Stop the Orwellian detentions

Walling off the country by detaining critics would have surprised the early Zionist movement.

US student Lara Alqasem (photo credit: AVSHALOM SASSONI/ MAARIV)
US student Lara Alqasem
The government has painted itself into a corner over the detention of an American student who has been held at Ben-Gurion International Airport for a week. On Tuesday, Strategic Affairs Minister Gilad Erdan said that student Lara Alqasem should repudiate past actions and views that may have supported the boycott of Israel. Only then could she come to study at the Hebrew University in Israel’s capital.
Alqasem should be released from detention and the government should reconsider this policy of telling visitors that they must pass a kind of Orwellian test of loyalty to enter Israel. She has been told that only if she makes an “unambiguous statement that boycotting Israel is ‘illegitimate’ and that she regrets her BDS work, then the ministry would consider allowing her to enter.” This policy is counterproductive – and the deeper the government digs in its heals, the worse Israel’s image gets.
It is no surprise that Bari Weiss and Bret Stephens, passionate Israel supporters at The New York Times, have excoriated Jerusalem for its conduct. Israel says it is a proud democracy and that the BDS movement’s arguments are wrong, but these kinds of actions are merely fueling those who see Israel as increasingly undemocratic in its behavior.
The detained student wanted to study at The Hebrew University, one of Israel’s top institutions of higher learning. The university’s cornerstone was laid in 1918, as the land, then under British administration, was emerging from the yoke of Ottoman rule. It was envisioned in the 19th century by the Zionist movement as a place to organize a university of the Jewish people. When the cornerstone was laid, local Arabs, Jews and non-Jews from all over attended. Albert Einstein was a supporter of the institution; Chaim Weizmann, Chief Rabbi Avraham Yitzhak Hacohen Kook, Lord Balfour and Haim Nahman Bialik spoke at the opening ceremony in 1925.
These speakers and supporters did not agree. In fact, Einstein was critical of the Zionist movement and the state that emerged in 1948. The Jerusalemite Arabs who attended likely did not support the creation of a Jewish state. Yet the university welcomed them all, its leaders believing that ideas could influence people.
Today, the state’s leaders increasingly forget about the need for ideas and the need to influence people through discussion and to welcome critics from abroad. Walling off the country by detaining critics would have surprised the early Zionist movement. The movement faced an uphill battle from its inception and it worked to build facts on the ground in the Land of Israel, hand-in-hand with an ideological battle in the Diaspora to encourage people to support the concept of a Jewish state. Many skeptics were won over; critics came to embrace Zionism. That is how Israel was constructed and it is how Israel has succeeded.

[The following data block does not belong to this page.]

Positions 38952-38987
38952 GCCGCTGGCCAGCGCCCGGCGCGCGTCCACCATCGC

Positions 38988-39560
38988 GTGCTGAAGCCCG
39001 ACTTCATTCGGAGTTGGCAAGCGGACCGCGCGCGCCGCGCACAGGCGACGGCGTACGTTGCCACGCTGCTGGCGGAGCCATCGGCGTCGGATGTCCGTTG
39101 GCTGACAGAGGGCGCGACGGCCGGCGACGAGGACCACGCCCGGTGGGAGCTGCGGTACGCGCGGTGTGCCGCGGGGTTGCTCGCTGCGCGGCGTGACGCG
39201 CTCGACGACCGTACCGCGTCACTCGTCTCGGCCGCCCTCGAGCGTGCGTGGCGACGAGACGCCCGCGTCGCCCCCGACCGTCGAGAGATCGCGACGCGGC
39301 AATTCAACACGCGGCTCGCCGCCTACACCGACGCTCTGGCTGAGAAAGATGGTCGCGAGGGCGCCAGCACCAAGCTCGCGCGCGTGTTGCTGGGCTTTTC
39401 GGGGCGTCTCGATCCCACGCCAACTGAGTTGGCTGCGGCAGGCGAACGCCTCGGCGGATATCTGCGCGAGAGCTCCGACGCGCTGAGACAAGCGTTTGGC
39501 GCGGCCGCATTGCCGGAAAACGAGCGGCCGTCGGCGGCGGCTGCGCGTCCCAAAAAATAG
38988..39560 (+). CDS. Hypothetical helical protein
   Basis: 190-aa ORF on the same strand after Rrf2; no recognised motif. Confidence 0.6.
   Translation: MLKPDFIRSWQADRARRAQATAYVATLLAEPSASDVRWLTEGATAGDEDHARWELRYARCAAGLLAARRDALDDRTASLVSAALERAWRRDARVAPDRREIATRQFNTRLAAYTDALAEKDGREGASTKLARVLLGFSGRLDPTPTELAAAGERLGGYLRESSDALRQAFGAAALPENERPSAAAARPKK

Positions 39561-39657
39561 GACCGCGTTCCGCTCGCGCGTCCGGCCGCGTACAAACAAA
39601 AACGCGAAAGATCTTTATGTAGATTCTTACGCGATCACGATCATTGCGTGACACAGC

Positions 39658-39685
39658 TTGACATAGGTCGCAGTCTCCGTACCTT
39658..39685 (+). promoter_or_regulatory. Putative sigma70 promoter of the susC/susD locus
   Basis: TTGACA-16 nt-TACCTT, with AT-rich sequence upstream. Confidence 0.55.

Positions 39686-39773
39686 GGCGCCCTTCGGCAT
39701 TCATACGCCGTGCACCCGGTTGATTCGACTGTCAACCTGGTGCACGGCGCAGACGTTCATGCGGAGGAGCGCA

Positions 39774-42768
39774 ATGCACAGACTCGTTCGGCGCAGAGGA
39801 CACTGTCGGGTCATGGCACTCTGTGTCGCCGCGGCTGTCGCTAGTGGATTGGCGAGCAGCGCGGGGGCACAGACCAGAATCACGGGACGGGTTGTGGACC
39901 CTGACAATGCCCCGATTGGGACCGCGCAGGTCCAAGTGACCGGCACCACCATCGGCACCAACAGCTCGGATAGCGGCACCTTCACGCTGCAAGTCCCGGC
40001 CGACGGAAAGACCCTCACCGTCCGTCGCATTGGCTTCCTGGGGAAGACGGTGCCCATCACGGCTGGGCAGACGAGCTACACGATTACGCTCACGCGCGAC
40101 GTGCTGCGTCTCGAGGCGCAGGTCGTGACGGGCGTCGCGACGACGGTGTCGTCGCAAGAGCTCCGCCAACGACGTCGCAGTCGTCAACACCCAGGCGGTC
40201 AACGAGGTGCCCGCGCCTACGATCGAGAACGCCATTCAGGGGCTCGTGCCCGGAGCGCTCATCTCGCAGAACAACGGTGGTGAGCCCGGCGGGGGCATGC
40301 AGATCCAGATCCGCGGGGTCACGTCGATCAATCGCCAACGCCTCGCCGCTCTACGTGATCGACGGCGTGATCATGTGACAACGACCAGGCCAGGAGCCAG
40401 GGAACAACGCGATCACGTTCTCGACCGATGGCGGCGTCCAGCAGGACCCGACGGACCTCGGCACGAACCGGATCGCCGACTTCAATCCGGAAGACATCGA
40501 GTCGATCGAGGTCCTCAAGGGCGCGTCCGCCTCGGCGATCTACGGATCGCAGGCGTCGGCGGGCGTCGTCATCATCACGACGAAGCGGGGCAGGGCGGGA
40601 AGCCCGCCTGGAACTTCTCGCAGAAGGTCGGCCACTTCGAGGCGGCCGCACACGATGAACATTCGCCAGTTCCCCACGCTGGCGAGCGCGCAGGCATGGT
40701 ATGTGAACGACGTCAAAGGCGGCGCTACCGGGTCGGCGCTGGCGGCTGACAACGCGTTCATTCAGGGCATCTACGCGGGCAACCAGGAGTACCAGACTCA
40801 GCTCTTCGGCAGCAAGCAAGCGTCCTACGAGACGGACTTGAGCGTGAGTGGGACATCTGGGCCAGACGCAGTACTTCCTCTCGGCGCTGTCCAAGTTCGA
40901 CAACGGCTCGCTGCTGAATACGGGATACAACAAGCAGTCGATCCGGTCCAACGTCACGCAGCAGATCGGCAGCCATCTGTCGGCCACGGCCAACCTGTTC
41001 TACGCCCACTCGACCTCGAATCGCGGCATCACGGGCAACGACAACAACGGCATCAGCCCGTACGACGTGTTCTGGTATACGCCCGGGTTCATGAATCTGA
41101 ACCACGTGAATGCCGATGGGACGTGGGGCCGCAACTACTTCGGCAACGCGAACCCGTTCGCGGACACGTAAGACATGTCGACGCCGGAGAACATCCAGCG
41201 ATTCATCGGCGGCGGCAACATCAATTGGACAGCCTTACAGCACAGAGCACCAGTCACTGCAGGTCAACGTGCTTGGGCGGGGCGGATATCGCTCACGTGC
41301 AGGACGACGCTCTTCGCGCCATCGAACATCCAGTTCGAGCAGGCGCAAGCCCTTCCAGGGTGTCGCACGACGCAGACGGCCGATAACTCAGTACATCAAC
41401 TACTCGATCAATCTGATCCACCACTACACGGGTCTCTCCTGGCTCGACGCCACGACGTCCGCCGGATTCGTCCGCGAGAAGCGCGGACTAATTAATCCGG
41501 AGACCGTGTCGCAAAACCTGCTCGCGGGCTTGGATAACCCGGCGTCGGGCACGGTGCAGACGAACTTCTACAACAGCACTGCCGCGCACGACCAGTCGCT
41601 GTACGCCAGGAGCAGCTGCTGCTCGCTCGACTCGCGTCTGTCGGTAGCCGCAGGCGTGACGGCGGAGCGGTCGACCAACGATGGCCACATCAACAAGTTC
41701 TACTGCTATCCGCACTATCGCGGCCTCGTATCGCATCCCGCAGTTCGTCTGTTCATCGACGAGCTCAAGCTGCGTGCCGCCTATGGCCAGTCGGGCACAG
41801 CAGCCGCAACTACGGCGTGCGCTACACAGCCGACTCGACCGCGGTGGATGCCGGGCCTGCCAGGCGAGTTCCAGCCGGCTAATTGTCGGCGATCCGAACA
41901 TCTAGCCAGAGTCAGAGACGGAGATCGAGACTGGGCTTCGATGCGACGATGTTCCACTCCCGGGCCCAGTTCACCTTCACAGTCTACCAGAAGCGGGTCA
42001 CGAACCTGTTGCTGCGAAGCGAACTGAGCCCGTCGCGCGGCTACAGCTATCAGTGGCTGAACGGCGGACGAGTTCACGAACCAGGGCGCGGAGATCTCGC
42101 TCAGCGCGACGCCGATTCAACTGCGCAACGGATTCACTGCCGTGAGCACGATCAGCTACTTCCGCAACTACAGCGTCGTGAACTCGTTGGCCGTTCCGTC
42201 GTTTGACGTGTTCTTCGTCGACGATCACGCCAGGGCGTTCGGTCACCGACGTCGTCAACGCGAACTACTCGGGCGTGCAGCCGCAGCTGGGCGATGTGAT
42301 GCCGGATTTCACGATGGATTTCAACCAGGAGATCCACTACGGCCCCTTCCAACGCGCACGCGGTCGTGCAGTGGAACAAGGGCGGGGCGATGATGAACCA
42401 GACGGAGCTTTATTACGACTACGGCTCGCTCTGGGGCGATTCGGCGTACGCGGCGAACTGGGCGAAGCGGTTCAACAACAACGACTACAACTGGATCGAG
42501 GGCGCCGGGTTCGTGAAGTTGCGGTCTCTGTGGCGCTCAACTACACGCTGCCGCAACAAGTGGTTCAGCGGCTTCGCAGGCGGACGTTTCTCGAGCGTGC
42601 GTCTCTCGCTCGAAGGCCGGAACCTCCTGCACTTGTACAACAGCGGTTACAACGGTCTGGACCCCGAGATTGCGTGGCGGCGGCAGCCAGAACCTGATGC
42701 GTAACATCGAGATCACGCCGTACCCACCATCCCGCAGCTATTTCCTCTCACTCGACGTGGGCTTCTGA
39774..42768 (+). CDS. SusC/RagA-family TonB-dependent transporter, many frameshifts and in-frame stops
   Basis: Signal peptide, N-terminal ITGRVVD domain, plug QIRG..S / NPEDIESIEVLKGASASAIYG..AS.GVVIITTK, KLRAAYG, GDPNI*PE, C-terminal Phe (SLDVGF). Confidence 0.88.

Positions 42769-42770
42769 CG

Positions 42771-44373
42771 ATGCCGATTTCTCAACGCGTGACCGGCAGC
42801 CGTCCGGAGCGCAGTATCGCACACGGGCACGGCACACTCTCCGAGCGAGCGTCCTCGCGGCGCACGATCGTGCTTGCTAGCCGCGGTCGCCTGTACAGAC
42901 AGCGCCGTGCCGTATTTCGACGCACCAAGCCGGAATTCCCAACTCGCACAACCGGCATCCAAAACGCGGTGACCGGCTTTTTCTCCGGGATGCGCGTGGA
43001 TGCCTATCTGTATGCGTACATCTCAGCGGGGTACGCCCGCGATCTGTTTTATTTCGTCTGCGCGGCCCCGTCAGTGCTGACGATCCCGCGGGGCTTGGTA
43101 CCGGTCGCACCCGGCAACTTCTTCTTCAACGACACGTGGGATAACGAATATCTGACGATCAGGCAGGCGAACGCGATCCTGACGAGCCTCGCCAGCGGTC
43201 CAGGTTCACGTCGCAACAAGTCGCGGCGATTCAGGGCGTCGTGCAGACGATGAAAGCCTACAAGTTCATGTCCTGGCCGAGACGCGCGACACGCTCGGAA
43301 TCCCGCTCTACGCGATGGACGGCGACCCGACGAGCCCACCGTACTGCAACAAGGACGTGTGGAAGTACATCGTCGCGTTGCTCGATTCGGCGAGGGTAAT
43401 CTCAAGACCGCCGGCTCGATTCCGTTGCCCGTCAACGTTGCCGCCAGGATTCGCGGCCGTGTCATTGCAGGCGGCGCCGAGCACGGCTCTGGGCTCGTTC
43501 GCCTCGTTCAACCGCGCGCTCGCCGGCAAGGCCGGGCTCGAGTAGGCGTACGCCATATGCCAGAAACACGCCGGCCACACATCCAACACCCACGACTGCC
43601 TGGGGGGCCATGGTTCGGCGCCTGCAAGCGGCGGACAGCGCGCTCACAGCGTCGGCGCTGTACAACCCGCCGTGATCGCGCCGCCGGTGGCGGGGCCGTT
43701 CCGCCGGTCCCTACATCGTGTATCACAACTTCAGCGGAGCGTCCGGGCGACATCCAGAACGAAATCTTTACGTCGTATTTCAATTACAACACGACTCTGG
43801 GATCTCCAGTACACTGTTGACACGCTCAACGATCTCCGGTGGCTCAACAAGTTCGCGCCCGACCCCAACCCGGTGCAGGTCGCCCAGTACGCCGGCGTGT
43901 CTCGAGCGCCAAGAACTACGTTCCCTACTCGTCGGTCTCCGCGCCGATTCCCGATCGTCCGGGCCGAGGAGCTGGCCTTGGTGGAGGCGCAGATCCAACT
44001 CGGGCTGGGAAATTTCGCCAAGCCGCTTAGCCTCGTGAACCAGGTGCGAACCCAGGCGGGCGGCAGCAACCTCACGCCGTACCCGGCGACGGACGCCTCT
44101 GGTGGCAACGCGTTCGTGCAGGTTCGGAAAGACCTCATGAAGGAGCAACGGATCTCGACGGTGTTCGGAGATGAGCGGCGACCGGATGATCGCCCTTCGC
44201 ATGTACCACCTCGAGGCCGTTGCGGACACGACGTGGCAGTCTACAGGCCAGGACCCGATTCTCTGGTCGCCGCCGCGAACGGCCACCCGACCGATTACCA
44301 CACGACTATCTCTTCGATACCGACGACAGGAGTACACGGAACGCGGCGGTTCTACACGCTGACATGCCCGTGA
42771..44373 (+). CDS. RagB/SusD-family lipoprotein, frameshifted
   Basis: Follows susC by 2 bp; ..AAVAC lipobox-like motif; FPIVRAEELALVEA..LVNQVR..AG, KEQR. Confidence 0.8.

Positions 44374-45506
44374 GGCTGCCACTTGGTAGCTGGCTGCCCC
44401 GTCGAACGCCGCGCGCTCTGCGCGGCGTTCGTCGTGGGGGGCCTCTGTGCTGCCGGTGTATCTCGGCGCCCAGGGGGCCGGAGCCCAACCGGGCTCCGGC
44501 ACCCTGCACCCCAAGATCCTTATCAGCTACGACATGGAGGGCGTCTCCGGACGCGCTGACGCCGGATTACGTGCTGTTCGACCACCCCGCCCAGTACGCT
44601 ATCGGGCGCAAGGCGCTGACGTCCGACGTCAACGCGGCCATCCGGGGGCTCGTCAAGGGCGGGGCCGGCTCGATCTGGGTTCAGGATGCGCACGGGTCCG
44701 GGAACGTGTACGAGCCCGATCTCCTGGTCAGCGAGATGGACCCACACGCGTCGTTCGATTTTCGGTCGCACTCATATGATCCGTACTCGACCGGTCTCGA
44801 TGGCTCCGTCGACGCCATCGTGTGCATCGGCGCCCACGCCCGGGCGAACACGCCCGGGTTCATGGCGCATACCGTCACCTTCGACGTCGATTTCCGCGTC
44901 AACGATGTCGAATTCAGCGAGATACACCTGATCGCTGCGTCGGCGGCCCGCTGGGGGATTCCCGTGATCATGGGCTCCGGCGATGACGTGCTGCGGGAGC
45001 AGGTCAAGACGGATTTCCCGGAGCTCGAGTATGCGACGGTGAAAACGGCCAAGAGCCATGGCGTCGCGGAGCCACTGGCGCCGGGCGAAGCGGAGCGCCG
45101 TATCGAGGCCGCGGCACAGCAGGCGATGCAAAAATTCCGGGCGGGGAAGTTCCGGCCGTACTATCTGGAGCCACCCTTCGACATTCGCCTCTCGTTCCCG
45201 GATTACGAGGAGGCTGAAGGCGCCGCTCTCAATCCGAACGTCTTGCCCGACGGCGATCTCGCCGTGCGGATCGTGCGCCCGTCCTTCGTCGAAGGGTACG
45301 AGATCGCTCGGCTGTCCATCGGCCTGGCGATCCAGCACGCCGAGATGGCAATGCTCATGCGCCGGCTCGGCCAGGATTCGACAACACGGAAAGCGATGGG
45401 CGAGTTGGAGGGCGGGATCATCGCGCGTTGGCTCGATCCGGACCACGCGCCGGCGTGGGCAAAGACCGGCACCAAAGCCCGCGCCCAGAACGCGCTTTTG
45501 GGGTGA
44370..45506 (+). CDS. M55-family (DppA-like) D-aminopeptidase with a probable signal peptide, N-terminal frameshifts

Whenever Israel has sought to ignore critics or ban ideas it has never succeeded. Israel banned the Beatles in 1965, for the nonsensical notion that they might corrupt the youth. The state sought to ban the Palestinian flag and not negotiate with Palestinians under the false impression that ignoring them would make their national aspirations evaporate. But those aspirations grew ever stronger in the 1970s and 80s.
That does not mean that Israel should not confront threats. Parties that oppose the democratic nature of the state or support terrorism have been banned. There is a balance between confronting incitement, and blanket bans on ideas. The current policy appears to have gone too far, catching in the net of detentions numerous voices who are merely critical of Israel, not supporters of violence.
The state has produced no evidence of the student’s threat. It has not published clear guidelines for what grounds constitute a reason to ban and deport someone. Government agencies appear to have arbitrary and inconsistent guidelines for deporting people for thought crimes. The Population, Immigration and Border Authority said it stopped the student for boycott activity, while the Strategic Affairs Ministry said it was due to her work with Students for Justice in Palestine. Then, that ministry worked in coordination with the interior minister to give Alqasem a chance to recant. However, she had a visa from the Israeli consulate in Miami.
It’s time for Israeli ministries to use the resources of the Start-Up Nation to talk to each other and not have one part of the government granting a visa while the other detains the same person. It is time to reconsider the banning of individuals for supporting boycotts.
Israel has nothing to hide. The government should let its critics in and show them why they are wrong.